by Ellen Johnston | When it comes to urban planning, the middle decades of the 20th century have a lot to answer for. From the rise of the automobile to the emptying of downtowns all across North America, it’s safe to say that we truly did a number on our great cities. Some, of course, fared better than others. Vancouver, with its post-war densification of the West End and active opposition to downtown highways, was one of the luckiest. However, we still, like so many places, did damage that can only be reversed by many years of concerted effort and the unfortunate (but almost always necessary) application of funds. And this is especially clear now, more than ever, as we consider the future of our aging viaducts, and we ask ourselves whether it is possible, or even worth the exertion, to revitalize our old streetcar networks.
The legacy of electric streetcars in Vancouver is almost as old as the city itself. They began running on June 28th, 1890 and shaped the neighbourhoods of our city for decades to come. Until 1955, they ran from Downtown to the West End, Stanley Park, Gastown, Chinatown, Commercial Drive, Point Grey, Dunbar, Kitsilano, Kerrisdale, Kingsway, Granville St, Main St, Victoria Dr, East Hastings, and all the way out to Burnaby. They also ran along several streets in South Vancouver (Oak, Ontario, and Fraser), all the way to the Fraser River. The high street neighbourhood model that so many of us enjoy can be directly linked to the streetcar, since they allowed for the creation of villages within the city that could be connected to – yet also be distinct from – downtown. There were also three streetcar lines in North Vancouver, and three Interurban routes that connected the city to outlying suburbs like New Westminster and Richmond (with routes very similar to today’s Skytrain lines). One need only follow these old transit lines to realise their profound effect on the building of Metro Vancouver, since the neighbourhoods they were once a part of are the most “urban” areas outside the downtown core, built as they were on a human rather than a highway scale. The North Vancouver streetcars stopped running in 1947, and the Interurban trams shut in 1958.
The question as to why these routes stopped running is difficult to answer. In the United States, a theory known as the General Motors Streetcar Conspiracy claims that GM subsidized the dismantling of streetcar systems all across the nation in order to replace them with bus services, and eventually personal automobiles. It appears, in actuality, that this theory is based on some real fact, as a 1974 US Senate inquiry discovered when looking into the decline of transit systems across the US. According to Joseph Alioto, then Mayor of San Francisco, “General Motors and the automobile industry generally exhibit a kind of monopoly evil…[carrying] on a deliberate concerted action with the oil companies and tire companies…for the purpose of destroying a vital form of competition; namely, electric rapid transit.” Whether or not this can be linked directly to the decline of streetcar systems in Canada is harder to tell, but it is known that GM, which was very active in Canada at the time, had no qualms about using bribes to persuade officials to convert transit vehicles from rail to rubber.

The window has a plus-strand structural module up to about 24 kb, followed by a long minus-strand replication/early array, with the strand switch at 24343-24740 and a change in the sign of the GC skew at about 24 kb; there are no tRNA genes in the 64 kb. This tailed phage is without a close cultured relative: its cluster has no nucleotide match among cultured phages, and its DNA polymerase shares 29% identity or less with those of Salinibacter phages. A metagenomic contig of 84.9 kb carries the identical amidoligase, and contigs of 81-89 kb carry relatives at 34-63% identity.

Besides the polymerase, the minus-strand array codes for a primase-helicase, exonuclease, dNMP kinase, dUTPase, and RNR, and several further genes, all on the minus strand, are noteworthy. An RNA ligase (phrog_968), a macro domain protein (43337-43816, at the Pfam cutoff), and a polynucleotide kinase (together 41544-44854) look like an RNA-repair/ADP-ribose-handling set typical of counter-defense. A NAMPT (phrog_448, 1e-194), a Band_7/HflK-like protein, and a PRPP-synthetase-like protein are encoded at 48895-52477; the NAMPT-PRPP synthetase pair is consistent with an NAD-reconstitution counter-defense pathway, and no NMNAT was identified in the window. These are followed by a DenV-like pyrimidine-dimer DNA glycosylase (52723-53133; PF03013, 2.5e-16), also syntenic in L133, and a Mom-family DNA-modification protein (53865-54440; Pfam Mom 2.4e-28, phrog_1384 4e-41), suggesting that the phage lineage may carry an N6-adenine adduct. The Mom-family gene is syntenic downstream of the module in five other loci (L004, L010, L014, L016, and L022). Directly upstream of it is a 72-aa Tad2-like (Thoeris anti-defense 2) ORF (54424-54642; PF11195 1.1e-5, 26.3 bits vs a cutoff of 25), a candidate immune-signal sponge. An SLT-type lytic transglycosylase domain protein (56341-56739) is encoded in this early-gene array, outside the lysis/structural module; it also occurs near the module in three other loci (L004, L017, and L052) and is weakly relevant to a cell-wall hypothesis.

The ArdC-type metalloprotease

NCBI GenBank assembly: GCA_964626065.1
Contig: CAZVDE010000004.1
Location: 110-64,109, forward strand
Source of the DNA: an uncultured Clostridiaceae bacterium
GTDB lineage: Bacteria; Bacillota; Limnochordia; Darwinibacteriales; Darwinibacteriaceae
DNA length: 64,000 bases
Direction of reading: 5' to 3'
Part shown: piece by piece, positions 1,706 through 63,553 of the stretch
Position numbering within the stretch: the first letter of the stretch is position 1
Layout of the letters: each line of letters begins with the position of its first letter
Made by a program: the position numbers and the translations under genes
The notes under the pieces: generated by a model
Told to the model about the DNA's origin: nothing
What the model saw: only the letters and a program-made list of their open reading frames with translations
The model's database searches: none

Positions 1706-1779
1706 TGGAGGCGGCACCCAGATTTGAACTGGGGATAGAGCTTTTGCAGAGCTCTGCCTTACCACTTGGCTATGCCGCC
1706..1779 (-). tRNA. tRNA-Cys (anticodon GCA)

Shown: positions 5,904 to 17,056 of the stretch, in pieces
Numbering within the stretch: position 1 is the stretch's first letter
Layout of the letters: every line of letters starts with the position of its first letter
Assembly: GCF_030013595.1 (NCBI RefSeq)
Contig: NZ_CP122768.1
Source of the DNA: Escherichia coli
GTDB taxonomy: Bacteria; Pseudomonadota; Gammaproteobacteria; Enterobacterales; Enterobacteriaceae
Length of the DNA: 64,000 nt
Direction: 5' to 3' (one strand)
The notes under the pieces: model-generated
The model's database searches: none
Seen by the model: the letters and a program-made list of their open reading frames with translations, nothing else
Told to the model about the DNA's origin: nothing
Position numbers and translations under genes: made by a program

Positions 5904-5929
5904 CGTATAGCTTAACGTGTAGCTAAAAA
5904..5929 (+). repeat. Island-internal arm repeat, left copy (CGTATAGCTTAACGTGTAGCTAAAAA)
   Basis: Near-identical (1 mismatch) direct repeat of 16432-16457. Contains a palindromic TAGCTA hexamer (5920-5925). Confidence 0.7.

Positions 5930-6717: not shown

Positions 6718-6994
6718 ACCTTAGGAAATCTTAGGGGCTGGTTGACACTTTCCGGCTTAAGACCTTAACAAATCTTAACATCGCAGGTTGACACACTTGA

Besides these disturbing (though not entirely surprising) assertions, there were also several basic factors that led to the decline of streetcars in Vancouver. For one, car culture was simply on the rise. In the post-war era, consumerism took off like it never had before, and owning a car represented the fulfilment of the American/Canadian dream. This meant, as it did in all cities across North America, that transit in general inevitably declined. Cost was also a factor, as it always is. Buses operate on roads which are built at the expense of the public, and streetcars depend upon track built and maintained by the transit system. This means that running buses can be cheaper, since maintenance is only on the vehicle, rather than on the surface it runs along. Similarly, the popularization of articulated cars (like the UBC B-line) in the 70s and 80s meant that the much larger capacity of heavier rapid transit vehicles could be mimicked at a much lower cost.